However, it is still pretty accessible, there has been a surprising lack of popular history reappraisals on the centenary, and it has the even rarer quality of being a sympathetic account of the Russian Revolution written post 1991.


#15

Have you read Reed’s account? How would you compare it to that (which, as I’m sure you know, was written at the time)? I recently read Reed and think it might have some of the same problems for an undergrad, non-major audience (which I’m primarily teaching now).

This. I’ve seen numerous sort of academic events around the first world war, but none around the Revolution. Despite the fact that the number of socialist countries is a mere handful, the 20th century was shaped by the events of the Russian Revolution.


#16

I haven’t read Reed’s account, so I can’t really compare the two. Although I think the biggest difference is that Reed was writing in the middle of the events, whereas Mieville has got a 100 years of historical research to draw on. Reed at the very least could rely on a popular audience that was familiar with the Russian Revolution as a major current event in the news.

I was expecting a slew of popular histories with mostly negative reappraisals this year, but I’ve been surprised about the lack of anything. It’s almost like they’ve decided the best way to criticize the Russian Revolution is simply to forget it. As for the academic side of things, which would tend to be more nuanced, I suspect the disappearance of the USSR as a geopolitical entity reduced the amount of resources available for studying the Revolution, both in the West and the former Soviet Union.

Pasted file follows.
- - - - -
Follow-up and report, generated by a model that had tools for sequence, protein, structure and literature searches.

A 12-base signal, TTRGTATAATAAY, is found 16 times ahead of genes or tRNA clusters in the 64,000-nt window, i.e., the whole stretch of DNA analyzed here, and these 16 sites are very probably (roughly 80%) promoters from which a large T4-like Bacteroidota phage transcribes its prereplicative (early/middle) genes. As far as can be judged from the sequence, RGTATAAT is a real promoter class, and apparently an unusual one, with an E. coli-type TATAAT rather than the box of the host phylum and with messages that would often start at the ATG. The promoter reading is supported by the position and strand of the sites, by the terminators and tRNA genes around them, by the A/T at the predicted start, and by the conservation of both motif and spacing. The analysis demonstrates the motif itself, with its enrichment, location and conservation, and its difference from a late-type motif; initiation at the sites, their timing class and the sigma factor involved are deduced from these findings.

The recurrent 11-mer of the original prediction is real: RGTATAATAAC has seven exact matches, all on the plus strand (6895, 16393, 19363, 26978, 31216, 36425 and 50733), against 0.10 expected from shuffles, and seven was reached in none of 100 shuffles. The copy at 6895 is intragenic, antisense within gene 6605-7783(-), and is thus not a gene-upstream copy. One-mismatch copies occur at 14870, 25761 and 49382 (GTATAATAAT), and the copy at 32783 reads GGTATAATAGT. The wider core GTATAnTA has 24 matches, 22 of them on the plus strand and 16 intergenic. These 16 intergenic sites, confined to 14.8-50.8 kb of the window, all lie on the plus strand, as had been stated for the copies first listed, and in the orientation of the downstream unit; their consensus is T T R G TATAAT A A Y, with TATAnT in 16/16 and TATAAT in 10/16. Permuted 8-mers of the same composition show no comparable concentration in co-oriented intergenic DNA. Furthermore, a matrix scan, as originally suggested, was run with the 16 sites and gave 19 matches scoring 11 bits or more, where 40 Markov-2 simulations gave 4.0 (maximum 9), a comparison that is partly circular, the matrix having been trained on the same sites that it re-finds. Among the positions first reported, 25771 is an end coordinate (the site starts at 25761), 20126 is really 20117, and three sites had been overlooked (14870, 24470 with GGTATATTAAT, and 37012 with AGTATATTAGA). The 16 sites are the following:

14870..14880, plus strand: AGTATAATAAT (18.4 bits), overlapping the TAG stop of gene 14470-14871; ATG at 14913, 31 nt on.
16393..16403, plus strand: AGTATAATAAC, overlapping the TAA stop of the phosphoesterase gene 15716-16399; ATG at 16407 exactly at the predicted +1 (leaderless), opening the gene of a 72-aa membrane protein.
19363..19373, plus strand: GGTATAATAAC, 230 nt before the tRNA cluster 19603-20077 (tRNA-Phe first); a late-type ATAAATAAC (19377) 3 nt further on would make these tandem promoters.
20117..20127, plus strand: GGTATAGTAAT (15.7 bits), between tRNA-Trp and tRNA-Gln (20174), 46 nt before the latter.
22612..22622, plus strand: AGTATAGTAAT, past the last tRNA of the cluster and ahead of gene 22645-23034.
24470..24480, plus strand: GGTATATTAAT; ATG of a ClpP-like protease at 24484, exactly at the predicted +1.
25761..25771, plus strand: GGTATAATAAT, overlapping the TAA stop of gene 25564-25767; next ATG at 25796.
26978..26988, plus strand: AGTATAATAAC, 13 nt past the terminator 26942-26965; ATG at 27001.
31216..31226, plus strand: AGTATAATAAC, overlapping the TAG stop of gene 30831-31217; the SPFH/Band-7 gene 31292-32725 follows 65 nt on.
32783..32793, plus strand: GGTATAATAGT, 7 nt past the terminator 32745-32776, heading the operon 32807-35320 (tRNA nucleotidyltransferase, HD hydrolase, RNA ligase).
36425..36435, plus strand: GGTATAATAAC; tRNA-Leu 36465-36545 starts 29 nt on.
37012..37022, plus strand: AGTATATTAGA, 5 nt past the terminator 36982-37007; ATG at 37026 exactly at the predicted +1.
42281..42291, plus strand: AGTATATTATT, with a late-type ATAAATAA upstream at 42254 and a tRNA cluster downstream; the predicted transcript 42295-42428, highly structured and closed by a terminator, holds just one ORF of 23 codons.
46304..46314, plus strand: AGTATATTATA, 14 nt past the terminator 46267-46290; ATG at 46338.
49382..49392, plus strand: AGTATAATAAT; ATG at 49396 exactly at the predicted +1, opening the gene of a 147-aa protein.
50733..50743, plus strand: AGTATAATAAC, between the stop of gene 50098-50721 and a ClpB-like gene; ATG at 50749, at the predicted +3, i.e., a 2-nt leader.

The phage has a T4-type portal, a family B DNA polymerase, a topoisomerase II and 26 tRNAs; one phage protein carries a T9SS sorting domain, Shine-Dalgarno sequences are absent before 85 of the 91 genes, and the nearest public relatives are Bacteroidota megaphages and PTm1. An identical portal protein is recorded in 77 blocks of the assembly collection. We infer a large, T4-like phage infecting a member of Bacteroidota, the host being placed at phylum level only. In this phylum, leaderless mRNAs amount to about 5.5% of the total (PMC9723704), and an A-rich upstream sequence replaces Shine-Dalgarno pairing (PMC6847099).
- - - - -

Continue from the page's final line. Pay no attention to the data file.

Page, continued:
#17

Massively looking forward to the next volume covering Red Terror, collectivization of the kulaks, mass starvation, show trials… And volume 3 use of psychiatric hospitals to punish intellectuals and dissidents.
Volume 4 the imperialism of Soviet Union - murder of opposition in Baltic states, disruption of democracy in Africa, Asia…
In fairness, John Reed’s 10 Days that Shook the World massively failed to be communist enough/


#18

Mieville already wrote about communist revolutions and the compromise between idealism and reality in Iron Council, the third of his Bas-Lag trilogy. In a weird steampunk fantasy, that’s it. But politics are politics even if you are a cactus-man, half locomotive or a bisexual golem maker.
The first one of the trilogy. Perdido Street Station, was about class, race and gender. The second one, _The Sca_r was about anarchism in all its forms.
What seduces me about this trilogy is that none of the three “adventures” have an actual “happy ending”, it’s all about compromise, sacrifice and pyrrhic victories.
Other novels have also politically charged messages, like Kraken with trade unions and religion.


#19

China Mieville used to be a Trotskyist (I don’t know if he still is), so I’m sure he would be happy to do those too.


#20

Trotsky was responsible for Red Terror, chekist revisionist.